Monday, February 09, 2009

A bit more insanity from Steven Chu, our new CO2-phobic Secretary of Energy
Forests are dying because of parasites. The pine bark beetle is killing pine. British Columbia has already lost 40 percent of its pine ... so, when there are no trees, when it rains, the soil doesn't hold the water... The American public needs to be made aware that this is happening. This is a real economic disaster in the making for our children, for your children. If you live in California, any of the Western states, this is going to be very serious. In the Upper Midwest, water shortages, huge water shortages are being predicted...
Environmental Capital - : Growing Corn: Valero Goes Yellow
Oil refiners kicked and screamed when the U.S. government dragged them into blending ethanol into their gasoline.

Now the largest U.S. refiner is trying to jump into the ethanol business in a big way. Valero Energy Corp. on Friday agreed to buy several ethanol plants from VeraSun Energy Crop., which is under bankruptcy protection, the Wall Street Journal reports.
Ethanol could also face big challenges farther into the future. Although the U.S. government is still firmly backing corn-based ethanol, the fuel’s environmental credentials are rapidly eroding. Under pressure from environmentalists, the government might reconsider subsidies and mandates in coming years, as European countries like the U.K. have done.
But...oh, never mind...Speed bumps to get new role as a source of green energy | Environment | The Observer
"Green" speed bumps that will generate electricity as cars drive over them are to be introduced on Britain's roads. The hi-tech "sleeping policemen" will power street lights, traffic lights and road signs in a pilot scheme in London that could be rolled out nationwide.

Speed bumps have long been the bane of motorists' lives, but these will capture the kinetic energy of vehicles.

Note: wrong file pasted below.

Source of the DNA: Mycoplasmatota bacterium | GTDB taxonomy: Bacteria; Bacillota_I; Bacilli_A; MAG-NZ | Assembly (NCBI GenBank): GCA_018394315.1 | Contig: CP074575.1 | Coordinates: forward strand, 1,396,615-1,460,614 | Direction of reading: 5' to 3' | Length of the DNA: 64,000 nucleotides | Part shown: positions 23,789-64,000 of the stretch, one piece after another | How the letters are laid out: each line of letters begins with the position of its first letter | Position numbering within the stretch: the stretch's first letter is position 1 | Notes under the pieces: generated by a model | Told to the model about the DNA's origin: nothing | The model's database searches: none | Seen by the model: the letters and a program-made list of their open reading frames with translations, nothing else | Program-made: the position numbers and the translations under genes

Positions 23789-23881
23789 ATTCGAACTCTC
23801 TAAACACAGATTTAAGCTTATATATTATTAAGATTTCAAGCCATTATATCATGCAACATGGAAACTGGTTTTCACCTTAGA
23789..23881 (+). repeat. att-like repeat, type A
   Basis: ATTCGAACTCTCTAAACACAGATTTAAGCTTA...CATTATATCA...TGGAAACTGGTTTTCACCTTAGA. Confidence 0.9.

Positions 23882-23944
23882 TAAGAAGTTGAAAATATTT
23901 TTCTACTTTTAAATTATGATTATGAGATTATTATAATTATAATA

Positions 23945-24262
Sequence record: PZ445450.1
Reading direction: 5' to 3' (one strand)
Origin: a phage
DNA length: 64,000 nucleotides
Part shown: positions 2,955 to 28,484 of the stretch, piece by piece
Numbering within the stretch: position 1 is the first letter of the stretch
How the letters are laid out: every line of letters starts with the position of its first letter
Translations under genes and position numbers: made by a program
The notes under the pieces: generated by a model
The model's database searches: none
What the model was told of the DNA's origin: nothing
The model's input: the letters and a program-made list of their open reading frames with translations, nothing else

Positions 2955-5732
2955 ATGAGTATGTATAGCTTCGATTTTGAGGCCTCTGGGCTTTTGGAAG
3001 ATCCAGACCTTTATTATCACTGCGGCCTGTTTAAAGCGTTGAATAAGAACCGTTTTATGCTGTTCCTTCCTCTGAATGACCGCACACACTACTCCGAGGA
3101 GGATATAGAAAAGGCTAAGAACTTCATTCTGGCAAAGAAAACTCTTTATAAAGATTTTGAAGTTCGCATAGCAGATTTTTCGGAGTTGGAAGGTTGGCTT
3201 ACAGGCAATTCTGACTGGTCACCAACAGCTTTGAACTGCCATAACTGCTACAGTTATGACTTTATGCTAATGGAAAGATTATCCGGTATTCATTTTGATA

Peter Hughes, the designer behind the idea, said: "They are speed bumps, but they are not like conventional speed bumps. They don't damage your car or waste petrol when you drive over them - and they have the added advantage that they produce energy free of charge." An engineer who formerly advised the United Nations on renewable energy sources, Hughes added: "If it [the energy] wasn't harnessed by the speed bumps, it would go to waste."

The ramps - which cost between £20,000 and £55,000, depending on size - consist of a series of panels set in a pad virtually flush to the road. As the traffic passes over it, the panels go up and down, setting a cog in motion under the road. This then turns a motor, which produces mechanical energy. A steady stream of traffic passing over the bump can generate 10-36kW of power.
Hughes claims that 10 ramps could generate the same power as one wind turbine.
If we converted all roads to speed bumps, and if we connected the output of all the magical speed bumps to a really big battery, couldn't we continually use that battery to recharge everyone's electric cars and completely eliminate our need for fossil fuels?

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